The devil is in the details from https://www.investopedia.com. This is a follow-up to an article written a few days ago. Read on…
Learn about the changes to IRAs, 401(k)s, RMDs, and more
Updated – Jan 20, 2020
The Setting Every Community Up for Retirement Enhancement Act of 2019, better known as the SECURE Act, which originally passed the House in July, was approved by the Senate on Dec.19, 2019, as part of an end-of-year appropriations act and accompanying tax measure, and signed into law on Dec. 20 by President Donald Trump. The far-reaching bill includes significant provisions aimed at increasing access to tax-advantaged accounts and preventing older Americans from outliving their assets.
The SECURE Act became law on Dec. 20, 2019.
The SECURE Act will make it easier for small business owners to set up “safe harbor” retirement plans that are less expensive and easier to administer.
Many part-time workers will be eligible to participate in an employer retirement plan.
The Act pushes back the age at which retirement plan participants need to take required minimum distributions (RMDs), from 70½ to 72, and allows traditional IRA owners to keep making contributions indefinitely.
The Act mandates that most non-spouses inheriting IRAs take distributions that end up emptying the account in 10 years.
The Act allows 401(k) plans to offer annuities.
A Troubled Retirement System
That there’s trouble brewing in the U.S. retirement system, which requires most workers to supplement Social Security with personal savings, has been widely acknowledged.
According to data from the U.S. Bureau of Labor Statistics published in 2018, only 55% of the adult population even participate in a workplace retirement plan. And even those who do are often woefully behind when it comes to investing part of their paycheck.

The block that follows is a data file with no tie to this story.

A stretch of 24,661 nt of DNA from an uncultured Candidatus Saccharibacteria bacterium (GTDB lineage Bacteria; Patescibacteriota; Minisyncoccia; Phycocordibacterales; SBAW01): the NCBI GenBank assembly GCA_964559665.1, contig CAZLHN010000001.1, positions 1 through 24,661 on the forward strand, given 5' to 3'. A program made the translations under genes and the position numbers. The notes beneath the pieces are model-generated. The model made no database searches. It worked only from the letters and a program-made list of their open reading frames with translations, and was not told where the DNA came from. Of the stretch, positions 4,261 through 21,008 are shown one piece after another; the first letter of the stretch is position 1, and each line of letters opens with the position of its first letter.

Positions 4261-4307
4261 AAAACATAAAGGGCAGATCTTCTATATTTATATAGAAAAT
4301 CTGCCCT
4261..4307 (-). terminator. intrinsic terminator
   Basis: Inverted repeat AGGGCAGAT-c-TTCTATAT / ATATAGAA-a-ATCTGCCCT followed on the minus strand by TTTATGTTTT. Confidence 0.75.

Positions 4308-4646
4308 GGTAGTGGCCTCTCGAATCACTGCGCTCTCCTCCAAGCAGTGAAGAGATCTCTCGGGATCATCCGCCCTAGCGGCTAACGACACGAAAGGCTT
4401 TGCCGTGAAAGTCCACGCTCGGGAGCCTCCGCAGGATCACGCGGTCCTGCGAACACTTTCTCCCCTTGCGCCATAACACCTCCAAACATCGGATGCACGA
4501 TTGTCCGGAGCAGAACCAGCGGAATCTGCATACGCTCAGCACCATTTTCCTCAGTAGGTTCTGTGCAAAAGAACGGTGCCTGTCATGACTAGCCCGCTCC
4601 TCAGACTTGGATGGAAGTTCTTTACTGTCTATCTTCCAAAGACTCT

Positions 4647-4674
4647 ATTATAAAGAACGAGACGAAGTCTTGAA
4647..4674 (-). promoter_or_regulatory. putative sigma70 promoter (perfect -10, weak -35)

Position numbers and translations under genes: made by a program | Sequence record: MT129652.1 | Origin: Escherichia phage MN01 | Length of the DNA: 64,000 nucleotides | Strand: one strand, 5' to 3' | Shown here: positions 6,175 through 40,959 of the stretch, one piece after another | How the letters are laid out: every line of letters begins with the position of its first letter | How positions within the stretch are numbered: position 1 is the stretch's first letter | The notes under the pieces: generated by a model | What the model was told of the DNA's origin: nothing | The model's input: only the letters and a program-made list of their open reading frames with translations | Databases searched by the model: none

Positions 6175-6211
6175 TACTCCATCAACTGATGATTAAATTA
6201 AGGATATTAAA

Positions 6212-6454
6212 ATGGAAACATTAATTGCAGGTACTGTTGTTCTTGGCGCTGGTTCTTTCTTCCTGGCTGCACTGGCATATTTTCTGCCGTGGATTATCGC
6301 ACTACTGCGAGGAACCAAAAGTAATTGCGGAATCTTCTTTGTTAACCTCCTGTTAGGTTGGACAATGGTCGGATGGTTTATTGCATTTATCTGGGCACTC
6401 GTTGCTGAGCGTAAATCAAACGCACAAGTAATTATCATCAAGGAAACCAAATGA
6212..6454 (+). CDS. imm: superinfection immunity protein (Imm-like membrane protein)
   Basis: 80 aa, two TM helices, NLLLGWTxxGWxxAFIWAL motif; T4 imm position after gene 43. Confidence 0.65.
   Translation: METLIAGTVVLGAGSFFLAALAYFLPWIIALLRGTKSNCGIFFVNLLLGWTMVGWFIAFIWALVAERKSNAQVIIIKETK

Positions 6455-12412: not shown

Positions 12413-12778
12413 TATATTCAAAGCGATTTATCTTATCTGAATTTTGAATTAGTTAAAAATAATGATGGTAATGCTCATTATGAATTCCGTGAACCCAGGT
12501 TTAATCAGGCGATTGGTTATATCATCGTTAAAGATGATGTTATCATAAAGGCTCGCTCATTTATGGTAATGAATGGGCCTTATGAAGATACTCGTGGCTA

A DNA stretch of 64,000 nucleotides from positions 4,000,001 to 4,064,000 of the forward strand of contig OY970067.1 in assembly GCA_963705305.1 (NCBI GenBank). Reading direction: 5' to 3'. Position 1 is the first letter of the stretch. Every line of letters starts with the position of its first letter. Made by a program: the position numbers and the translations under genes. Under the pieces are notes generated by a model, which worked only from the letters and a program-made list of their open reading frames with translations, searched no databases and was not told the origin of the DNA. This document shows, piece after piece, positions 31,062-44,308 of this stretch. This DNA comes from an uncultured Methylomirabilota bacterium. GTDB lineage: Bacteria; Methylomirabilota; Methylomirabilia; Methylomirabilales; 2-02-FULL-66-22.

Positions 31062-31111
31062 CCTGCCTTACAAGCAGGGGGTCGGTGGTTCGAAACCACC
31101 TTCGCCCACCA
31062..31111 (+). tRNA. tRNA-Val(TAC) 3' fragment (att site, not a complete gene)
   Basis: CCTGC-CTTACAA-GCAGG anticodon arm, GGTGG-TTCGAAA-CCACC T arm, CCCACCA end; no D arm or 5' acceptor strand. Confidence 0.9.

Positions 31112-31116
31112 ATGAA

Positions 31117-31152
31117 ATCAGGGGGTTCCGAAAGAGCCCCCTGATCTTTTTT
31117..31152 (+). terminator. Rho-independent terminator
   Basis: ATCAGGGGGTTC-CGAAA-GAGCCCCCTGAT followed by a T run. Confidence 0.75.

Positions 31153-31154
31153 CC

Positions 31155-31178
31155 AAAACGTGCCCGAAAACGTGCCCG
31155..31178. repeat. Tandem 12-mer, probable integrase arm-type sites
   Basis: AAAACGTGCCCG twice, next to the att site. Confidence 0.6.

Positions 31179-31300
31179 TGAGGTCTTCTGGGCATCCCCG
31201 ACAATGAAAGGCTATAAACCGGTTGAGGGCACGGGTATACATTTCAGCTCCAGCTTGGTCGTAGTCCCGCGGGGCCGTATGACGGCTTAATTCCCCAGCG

The wealth management giant Vanguard, for instance, revealed early in 2019 that the median 401(k) balance for those ages 65 and older is just $58,035. The SECURE Act aims to encourage employers who have previously shied away from these plans, which can be expensive and difficult to administer, to start offering them.
“With [the] passage of this bill, the House made significant progress in fixing our nation’s retirement crisis and helping workers of all ages save for their futures,” Rep. Richard E. Neal (D-Mass.) said in a statement after the bill sailed through the House in May.
Tangled Up in the Senate
Despite the SECURE Act’s overwhelming support in the House, it didn’t get through the Senate until it was attached to the appropriations and tax-extender bills that passed the day after President Trump was impeached in the House of Representatives.
In early July, PlanAdviser reported that two Republican senators—one of them Ted Cruz (R-Texas)—were holding it up. According to a Washington insider, Cruz was trying to tweak the section on 529 accounts so that parents can use them for home-schooling expenses as well.
In October, PLAN SPONSOR quoted Chris Spence, TIAA’s senior director of government relations, as saying the bill has been sitting “in something like legislative limbo.” Along with Cruz, two other senators—Mike Lee and Pat Toomey—had reservations about some technical points. Spence was optimistic and predicted correctly that the route to passage could be through being attached to a broader bill that has to be passed by the end of 2020.
Major Provisions of the SECURE Act
The SECURE Act tweaks a number of rules related to tax-advantaged retirement accounts. Here’s what it will do: